The VPS environment allows you to install and run most FreeBSD compatible software exactly the same way it would be done on a dedicated FreeBSD server. This includes the ability to install software from the FreeBSD Ports collection, which is available in the /ports directory on your server. See The FreeBSD Ports collection for details on what is available and how to use the Ports.

Many common programs that require additional configuration or special installation steps are available using the vinstall utility, to ease the installation process.

There are some limitations and information that you should be aware of before trying to install custom programs on your VPS. See the Advanced VPS Administration section to learn more about these issues.

What are some of the differences between VPS v3, VPS v2, and dedicated FreeBSD UNIX?

VPS v3 provides an update to the popular VPS v2 product. VPS v3 updates the operating system from FreeBSD 4.7 to FreeBSD 6.0 and updates the file system from UFS1 to UFS2. Because of these updates, VPS v3 supports the latest Java Developer's Kit, Java Runtime Engine, and Tomcat Web framework. VPS v3 also provides updates to services such as Apache 2.x, MySQL 5.x, and PHP 5.x.

VPS was designed with the goal to emulate the behavior of a dedicated FreeBSD server in a shared environment. Because of this, VPS will appear and feel much more like a Dedicated FreeBSD server than older "shared server" technology. One of the key limitations of VPS is that, because of the shared environment, the VPS root user does not have the ability to modify kernel or hardware related systems. The core services and all applications are within the area controlled by VPS root. It is significant to note, however, that any of the system files not specifically changed by the VPS administrator will continue to be maintained and updated by our staff. For more details on how this works, see the Advanced VPS Administration section of our Web site.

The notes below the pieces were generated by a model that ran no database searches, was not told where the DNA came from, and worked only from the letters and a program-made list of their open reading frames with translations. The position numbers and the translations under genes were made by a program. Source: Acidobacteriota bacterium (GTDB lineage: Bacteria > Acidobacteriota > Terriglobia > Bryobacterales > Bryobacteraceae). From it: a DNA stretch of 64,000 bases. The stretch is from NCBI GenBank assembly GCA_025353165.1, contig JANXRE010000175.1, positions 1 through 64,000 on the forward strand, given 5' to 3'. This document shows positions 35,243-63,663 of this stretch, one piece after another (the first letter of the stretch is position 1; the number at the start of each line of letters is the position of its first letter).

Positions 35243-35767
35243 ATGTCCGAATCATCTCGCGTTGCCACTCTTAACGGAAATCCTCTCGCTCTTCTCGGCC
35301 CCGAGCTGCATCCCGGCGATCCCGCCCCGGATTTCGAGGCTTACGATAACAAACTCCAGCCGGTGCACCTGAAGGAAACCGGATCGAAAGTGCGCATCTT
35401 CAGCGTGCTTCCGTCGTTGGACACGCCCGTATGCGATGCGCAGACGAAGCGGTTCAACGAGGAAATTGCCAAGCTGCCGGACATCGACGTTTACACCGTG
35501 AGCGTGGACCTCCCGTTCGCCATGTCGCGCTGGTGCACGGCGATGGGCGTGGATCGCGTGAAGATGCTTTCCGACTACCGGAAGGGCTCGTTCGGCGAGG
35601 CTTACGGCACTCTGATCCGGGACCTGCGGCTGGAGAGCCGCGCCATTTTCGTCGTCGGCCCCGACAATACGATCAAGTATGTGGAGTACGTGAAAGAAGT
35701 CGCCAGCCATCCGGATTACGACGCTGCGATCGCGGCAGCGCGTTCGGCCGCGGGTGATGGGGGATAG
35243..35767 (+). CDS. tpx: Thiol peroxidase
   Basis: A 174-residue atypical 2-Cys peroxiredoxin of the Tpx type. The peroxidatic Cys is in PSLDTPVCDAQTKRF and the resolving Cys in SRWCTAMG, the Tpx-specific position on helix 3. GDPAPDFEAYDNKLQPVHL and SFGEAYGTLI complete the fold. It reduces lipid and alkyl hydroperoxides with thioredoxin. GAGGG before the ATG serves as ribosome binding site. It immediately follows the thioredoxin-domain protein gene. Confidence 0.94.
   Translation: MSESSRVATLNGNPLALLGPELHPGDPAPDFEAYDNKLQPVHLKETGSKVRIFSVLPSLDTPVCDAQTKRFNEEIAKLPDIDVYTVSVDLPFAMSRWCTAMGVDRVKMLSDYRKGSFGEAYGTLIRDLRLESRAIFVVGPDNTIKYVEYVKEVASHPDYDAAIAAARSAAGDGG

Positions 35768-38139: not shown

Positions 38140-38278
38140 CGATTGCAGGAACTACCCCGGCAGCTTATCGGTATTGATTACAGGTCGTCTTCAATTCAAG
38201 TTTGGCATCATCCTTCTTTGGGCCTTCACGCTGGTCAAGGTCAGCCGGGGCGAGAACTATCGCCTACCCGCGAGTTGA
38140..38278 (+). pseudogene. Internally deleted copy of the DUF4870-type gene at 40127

The VPS Admin User has many of the capabilities that the Primary User on our original VPS acounts had. New software, however, must be installed by the root user, which has total control over the VPS (and can also be used for management). VPS accounts also allow sub-users to have Shell access, install some of their own programs, and increases the security of your account.